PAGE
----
Register NOW for the Harvard International Development Conference

This year, I’m helping to run the Harvard International Development Conference (IDC) at the Harvard Kennedy School.  It promises to be an exciting event, with panel topics ranging from the role of mobile technology as a means of alleviating poverty to private sector-led, entrepreuneurial models for development.  If you intend on attending the conference, please do let me know – I would love to meet members of our readership in person!

More information follows below:

The 15th Annual Harvard International Development Conference
April 3 – 4, 2009   |   Harvard Kennedy School

Register Now!  www.HARVARD-IDC.com

We would like to introduce you to the 15th Annual Harvard International Development Conference (IDC) at the Harvard Kennedy School.  In light of an increasingly challenging global context, this year’s theme, “IMPACT: Turning Global Challenges into Opportunities,” delves into the need for the reconceptualization of existing development paradigms, as well as the importance of cross-sector, entrepreneurial partnerships.

We are especially pleased to present our keynote speakers for this year’s conference:

Mr. John Wood, Founder, Room to Read; Author, ‘Leaving Microsoft to Change the World’
Dr. Kyung-Wha Kang, UN Deputy High Commissioner for Human Rights
Dr. Howard Zucker, Former Assistant Director General, World Health Organization

The core programmatic elements of the IDC are our 13 Panels and 4 Workshops under 4 Topics, each consisting of four to five leading development experts from a multitude of sectors: government, private sector, academia and international organizations.  This year’s topics include:

A.    International Trade & Finance
B.    Science & Technology for Development
C.    Human Rights & Human Security
D.    Private Sector & Entrepreneurial Solutions for Development

Three (yes, 3!) Exciting Upcoming Conferences!

Looking for interesting conferences to attend over the course of the next two months? Well, look no further! Below are three upcoming conferences that we recommend you attend – The Harvard Business School Social Enterprise Conference (March 1, 2009), The Harvard Business School India Business Conference (March 15, 2009), and the Harvard Kennedy School International Development Conference (April 3-4, 2009). ThinkChange India will be live blogging at all three conferences, so if you are unable to attend, we will be sure to update you with key highlights from the three respective conferences!

Some brief information about each of the conferences follows below:

HBS Social Enterprise Conference – March 1, 2009

The Social Enterprise Conference provides a forum for exploring the synergies between for-profit, non-profit, and public sector approaches to addressing critical social issues. This goal lies at the heart of the Harvard Business School mission “to educate leaders who make a difference in the world” and the Kennedy School of Government mission “to prepare leaders for service to democratic societies.” The Conference is entirely run by students from these two schools.

Exciting speakers include Priya Haji, CEO of World of Good, Inc., Linda Rottenberg, CEO of Endeavour, and Bill Drayton, CEO of Ashoka: Innovators for the Public. Expect to also see panelists from organizations such as the Clinton Foundation, Agora Partnerships, the Acumen Fund, One Laptop Per Child, IDEO, Skoll Foundation, the Schwab Foundation for Social Entrepreneurship, TechnoServe, ACCION International, and many more! Click here if you would like to see the agenda in its entirety.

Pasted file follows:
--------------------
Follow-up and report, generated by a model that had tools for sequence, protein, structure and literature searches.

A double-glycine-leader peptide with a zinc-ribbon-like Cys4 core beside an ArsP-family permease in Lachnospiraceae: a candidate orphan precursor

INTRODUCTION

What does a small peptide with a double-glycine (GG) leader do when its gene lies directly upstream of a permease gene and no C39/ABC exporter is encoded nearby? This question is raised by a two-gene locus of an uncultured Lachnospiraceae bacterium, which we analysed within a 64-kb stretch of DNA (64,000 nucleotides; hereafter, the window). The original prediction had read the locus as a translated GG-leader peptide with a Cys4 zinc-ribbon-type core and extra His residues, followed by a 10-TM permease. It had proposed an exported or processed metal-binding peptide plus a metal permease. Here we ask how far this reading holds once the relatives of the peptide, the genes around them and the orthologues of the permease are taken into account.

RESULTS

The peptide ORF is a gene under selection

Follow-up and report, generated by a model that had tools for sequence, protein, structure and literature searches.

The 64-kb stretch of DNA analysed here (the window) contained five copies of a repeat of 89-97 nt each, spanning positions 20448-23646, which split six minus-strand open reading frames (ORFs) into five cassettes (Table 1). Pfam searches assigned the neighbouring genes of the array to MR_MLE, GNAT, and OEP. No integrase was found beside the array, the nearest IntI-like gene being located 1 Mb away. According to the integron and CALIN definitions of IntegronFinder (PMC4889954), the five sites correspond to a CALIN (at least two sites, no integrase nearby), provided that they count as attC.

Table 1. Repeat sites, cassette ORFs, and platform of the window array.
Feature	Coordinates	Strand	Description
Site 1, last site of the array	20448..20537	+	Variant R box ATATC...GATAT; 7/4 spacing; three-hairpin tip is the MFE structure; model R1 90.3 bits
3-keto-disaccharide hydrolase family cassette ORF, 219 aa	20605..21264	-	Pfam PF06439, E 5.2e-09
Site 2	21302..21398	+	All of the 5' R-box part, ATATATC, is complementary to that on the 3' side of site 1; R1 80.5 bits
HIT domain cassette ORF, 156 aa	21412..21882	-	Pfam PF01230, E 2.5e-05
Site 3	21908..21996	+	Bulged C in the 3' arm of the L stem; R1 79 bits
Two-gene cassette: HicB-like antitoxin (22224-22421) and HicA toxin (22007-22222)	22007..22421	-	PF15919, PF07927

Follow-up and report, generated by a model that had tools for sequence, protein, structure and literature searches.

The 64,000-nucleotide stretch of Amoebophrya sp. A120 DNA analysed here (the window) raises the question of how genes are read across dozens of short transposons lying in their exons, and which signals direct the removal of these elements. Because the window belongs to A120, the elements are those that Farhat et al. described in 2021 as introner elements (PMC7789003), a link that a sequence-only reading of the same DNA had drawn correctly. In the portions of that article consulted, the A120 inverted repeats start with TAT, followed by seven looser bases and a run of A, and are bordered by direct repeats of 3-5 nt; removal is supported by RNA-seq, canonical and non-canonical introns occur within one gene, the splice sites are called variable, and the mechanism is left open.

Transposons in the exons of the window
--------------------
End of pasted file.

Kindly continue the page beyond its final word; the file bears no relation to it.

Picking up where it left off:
HBS India Business Conference – March 15, 2009

The HBS India Conference is one of the largest student-run conferences in the US and has a strong legacy of creating a platform to allow business men and women, policymakers, and those involved in academia to meaningfully debate and discuss how India can fulfill her global potential.

This year’s conference will feature presentations by prominent keynote speakers as well as twelve panel discussions / debates on the following areas: Building Brands in India, Energy, Entrepreneurship, Global Indians, Healthcare, Infrastructure, Knowledge Economy, Media and Entertainment, Private Equity, Retail, Social Enterprise and Venture Capital. In addition, the Conference will provide an opportunity for the attendees to network and interact closely with prominent members of the Indian business community and to learn about their industries and companies as well as gain insights on potential career opportunities.

HKS International Development Conference – April 3-4th, 2009 (website is yet to be updated)

15th Annual International Development Conference at Harvard University, which will be held at the John F. Kennedy School of Government in Cambridge, Massachusetts from April 3rd to 4th, 2009. The International Development Conference is a student-run event providing a world-class inter-disciplinary forum on global sustainable development. Each year the Conference attracts over 400 participants and serves as a forum to foster dialogue among various stakeholders, including senior level policy makers, academics, and practitioners.

Laptops and Local Trains

When I first heard the news, I was reminded of chaiwalas on local trains who chant, “chaiiii, chaiiiii, chaiiiii” and sell just the right amount of delectable tea in earthen cups for a very sweet price. Has the day come? Will a new army of “laptopwalas” soon be chanting, “laptopppp, laptopppp, laptopppp,” on local trains and markets, especially given the recent media flurry that the Indian government is getting ready to launch a $10 laptop as part of its e-learning campaign?

Admittedly, the idea of laptops being sold on local trains is somewhat preposterous. Unfortunately, the amount being quoted through the media – $10 – seems equally as preposterous. First, some background, courtesy of the Guardian:

The computer, known as Sakshat, which translates as “before your eyes”, will be launched as part of a new Rs46bn “national mission for education.” This envisages a network of laptops from which students can access lectures, coursework and specialist help from anywhere in India, triggering a revolution in education. A number of publishers have reportedly agreed to upload portions of their textbooks on to the system

There are plenty of skeptics, however, including Atanu Dey: